Driving the Audi Q8 around town feels like piloting a particularly imposing-looking cruise ship down the Thames

Mat Watson
carwow expert

Currently, the Audi Q8 comes with one petrol and one diesel engine, available in several power outputs, both of which drive all four wheels through an automatic gearbox.

The 50 TDI diesel – a 3.0-litre V6 – produces 286hp, which is enough to accelerate the hefty Audi Q8 from 0-62mph in just 6.3 seconds. It gets a little noisy when you put your foot down, but it soon settles into a quiet, relaxing motorway cruise.

This is partly down to the mild-hybrid system you get as standard across the Audi Q8 range. This uses a small electric motor to boost performance and fuel economy by shutting the engine off when it isn’t needed. Audi claims it’ll return 41.5mpg and we managed 40mpg out of town and comfortably more than 30mpg in heavy traffic – not bad for a behemoth of an SUV.

There’ll also soon be a more affordable 45 TDI diesel model with 231hp that’ll be cheaper to run. It won’t have the same grunt for overtaking slow-moving traffic as the 50 TDI model, however. Expect a more-powerful 55 TDI engine to join the range at a later date.

If you fancy something a little faster, a 55 TFSI petrol model with 340hp will go on sale in early 2019. This is expected to accelerate from 0-62mph in less than six seconds, but with this extra turn of speed comes poorer fuel economy – achieving an mpg figure in the low thirties will require some careful rationing of the accelerator pedal.

Both diesel cars come with an eight-speed automatic gearbox that’s relatively smooth, but can be a little sluggish to change down when you accelerate hard – especially in Comfort and Eco modes. The seven-speed dual-clutch automatic in petrol versions changes gears more quickly but isn’t quite as smooth at slow speeds.

The Audi Q8 comes with four-wheel drive to maximise grip on slippery roads and when you’re accelerating out of tight corners. Unlike in some other Audi models, however, this system can’t disengage drive to the rear wheels to improve fuel consumption.

The Audi Q8’s vast size means you sit very high up and get a great view out over traffic. Sure, its sloping roofline means rear visibility isn’t quite as good as in a Q7, but there are fewer blind spots to worry about than in a Mercedes GLE Coupe or BMW X6.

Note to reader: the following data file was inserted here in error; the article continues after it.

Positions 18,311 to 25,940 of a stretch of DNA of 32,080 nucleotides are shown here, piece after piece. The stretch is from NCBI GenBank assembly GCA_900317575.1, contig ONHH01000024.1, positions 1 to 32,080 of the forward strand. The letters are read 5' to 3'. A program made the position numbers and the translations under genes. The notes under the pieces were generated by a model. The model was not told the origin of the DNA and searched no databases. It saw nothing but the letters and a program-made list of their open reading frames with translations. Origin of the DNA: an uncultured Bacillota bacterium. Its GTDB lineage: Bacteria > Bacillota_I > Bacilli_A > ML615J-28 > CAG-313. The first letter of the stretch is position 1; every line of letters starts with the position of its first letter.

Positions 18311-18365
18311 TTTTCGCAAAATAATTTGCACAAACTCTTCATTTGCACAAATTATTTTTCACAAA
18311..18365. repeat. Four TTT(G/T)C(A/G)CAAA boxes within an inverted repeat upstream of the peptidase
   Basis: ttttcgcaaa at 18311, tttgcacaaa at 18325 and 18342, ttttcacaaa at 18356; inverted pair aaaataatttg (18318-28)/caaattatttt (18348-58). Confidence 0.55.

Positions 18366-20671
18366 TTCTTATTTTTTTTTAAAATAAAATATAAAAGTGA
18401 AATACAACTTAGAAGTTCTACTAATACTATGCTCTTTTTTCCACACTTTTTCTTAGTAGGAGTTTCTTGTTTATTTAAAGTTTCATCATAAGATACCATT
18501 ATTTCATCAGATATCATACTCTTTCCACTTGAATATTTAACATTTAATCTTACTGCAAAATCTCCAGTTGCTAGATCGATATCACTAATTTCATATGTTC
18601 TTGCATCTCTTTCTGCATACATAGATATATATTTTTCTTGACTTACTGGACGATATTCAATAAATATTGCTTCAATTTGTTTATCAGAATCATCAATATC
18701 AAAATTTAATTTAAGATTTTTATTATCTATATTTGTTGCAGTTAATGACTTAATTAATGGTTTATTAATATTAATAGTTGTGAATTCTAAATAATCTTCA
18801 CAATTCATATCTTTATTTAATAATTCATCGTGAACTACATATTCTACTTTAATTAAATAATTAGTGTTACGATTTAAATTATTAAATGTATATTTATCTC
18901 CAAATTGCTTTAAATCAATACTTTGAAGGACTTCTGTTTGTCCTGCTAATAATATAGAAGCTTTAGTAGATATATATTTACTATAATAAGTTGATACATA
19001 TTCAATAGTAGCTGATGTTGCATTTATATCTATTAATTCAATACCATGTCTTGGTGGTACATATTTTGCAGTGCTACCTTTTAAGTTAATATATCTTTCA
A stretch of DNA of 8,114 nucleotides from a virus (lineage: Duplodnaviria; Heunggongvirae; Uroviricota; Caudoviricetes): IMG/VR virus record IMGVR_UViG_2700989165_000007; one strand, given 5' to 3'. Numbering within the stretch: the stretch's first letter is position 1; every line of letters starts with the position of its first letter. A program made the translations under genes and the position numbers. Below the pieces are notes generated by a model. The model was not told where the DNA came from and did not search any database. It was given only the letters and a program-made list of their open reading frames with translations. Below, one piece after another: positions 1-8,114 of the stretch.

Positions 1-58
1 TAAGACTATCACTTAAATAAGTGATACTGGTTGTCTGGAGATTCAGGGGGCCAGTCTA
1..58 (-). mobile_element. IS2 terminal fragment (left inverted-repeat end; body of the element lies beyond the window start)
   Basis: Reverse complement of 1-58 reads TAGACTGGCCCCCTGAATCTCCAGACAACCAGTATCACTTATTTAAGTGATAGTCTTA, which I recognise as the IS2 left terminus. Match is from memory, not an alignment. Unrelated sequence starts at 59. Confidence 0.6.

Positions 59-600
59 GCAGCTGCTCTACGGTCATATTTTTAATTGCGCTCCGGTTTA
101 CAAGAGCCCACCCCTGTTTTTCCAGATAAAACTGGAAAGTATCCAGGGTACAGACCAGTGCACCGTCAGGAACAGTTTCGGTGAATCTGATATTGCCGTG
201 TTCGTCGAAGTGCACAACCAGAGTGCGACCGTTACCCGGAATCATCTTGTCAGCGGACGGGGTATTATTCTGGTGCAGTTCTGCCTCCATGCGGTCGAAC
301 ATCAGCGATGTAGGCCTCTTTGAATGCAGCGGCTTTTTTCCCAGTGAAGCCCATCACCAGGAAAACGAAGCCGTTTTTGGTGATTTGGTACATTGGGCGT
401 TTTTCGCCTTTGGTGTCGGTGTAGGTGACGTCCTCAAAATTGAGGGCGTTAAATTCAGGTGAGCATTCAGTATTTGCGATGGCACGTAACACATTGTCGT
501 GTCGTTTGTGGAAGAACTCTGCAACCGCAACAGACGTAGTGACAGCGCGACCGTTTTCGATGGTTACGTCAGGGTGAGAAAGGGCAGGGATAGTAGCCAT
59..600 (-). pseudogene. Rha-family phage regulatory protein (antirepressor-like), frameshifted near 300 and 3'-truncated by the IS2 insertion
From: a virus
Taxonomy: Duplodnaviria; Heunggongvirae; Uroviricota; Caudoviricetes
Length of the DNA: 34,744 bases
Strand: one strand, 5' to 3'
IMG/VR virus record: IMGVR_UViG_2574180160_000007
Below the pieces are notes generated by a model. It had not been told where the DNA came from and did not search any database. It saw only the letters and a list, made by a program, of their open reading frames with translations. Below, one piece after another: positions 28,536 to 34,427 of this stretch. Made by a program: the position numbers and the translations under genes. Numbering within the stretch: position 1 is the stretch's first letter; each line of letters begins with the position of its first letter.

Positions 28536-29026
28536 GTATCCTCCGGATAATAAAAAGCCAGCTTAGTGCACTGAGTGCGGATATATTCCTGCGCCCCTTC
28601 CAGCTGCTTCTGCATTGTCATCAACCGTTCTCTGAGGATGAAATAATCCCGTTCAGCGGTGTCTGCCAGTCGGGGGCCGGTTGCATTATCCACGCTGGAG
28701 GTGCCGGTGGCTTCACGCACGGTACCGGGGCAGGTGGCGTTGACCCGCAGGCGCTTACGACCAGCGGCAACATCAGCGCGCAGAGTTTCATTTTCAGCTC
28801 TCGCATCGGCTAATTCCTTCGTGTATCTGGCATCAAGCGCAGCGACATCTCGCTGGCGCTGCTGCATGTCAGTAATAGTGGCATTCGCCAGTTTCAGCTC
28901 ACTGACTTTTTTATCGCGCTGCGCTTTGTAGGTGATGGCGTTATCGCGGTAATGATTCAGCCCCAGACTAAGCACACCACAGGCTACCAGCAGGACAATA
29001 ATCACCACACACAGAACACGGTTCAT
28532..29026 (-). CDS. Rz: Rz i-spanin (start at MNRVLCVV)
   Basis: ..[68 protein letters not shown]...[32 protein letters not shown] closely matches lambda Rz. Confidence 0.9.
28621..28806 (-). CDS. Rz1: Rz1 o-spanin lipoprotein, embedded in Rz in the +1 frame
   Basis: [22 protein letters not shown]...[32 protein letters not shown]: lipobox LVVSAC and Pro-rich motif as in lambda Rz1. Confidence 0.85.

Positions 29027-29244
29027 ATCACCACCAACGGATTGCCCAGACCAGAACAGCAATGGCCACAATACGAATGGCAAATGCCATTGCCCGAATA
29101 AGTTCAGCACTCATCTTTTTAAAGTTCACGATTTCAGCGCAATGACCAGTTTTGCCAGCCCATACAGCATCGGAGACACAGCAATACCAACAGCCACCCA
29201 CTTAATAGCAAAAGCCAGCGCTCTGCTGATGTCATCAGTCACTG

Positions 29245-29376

The Q8’s chunky door mirrors produce a distinct whistling sound at motorway speed and you’ll hear quite a bit of tyre noise from its vast wheels.

Around town, the Audi’s reasonably easy to drive for such a big car. There’s no disguising its vast size, but at least the standard air suspension irons out all but the worst bumps and potholes. Thankfully, the light steering means your arms won’t start to ache after a few hours of navigating through tight city streets.

Unlike the A8, the Audi Q8 doesn’t come with rear-wheel steering as standard – it’s an optional extra on all but Vorsprung models. This system helps reduce its turning circle around town and helps make it feel more stable when changing lane at motorway speeds.

It’s still pretty tricky to park, however, but at least you get front and rear parking sensors and a reversing camera as standard. There’s also a 360-degree camera system that’ll help you avoid damaging any of the Q8’s huge wheels on tall kerbs but it’s only available in top-spec Vorsprung models or as part of the rather expensive Comfort and Sound pack.

The Audi Q8 gets slightly firmer suspension than the Q7, so it feels a bit more agile on twisty country roads but you’ll struggle to tell the difference unless you’re really barrelling along.

More interesting than the subtle suspension tweaks, however, are the Audi Q8’s numerous active safety features – especially in high-spec Vorsprung models. Standard S-Line cars come with automatic emergency braking, lane departure warning and cruise control, but top-spec cars get a semi-autonomous driving system that’ll brake, accelerate and steer for you on well-marked roads.

This uses data from the sat-nav to know when to slow down before tight turns, junctions and roundabouts – providing you keep your hands on the wheel. Fail to do so, and it’ll flash up warning messages, before eventually pulling over to the side of the road with the hazard-warning lights on. If you still fail to respond to its various beeps and buzzers, it’ll even call the emergency services.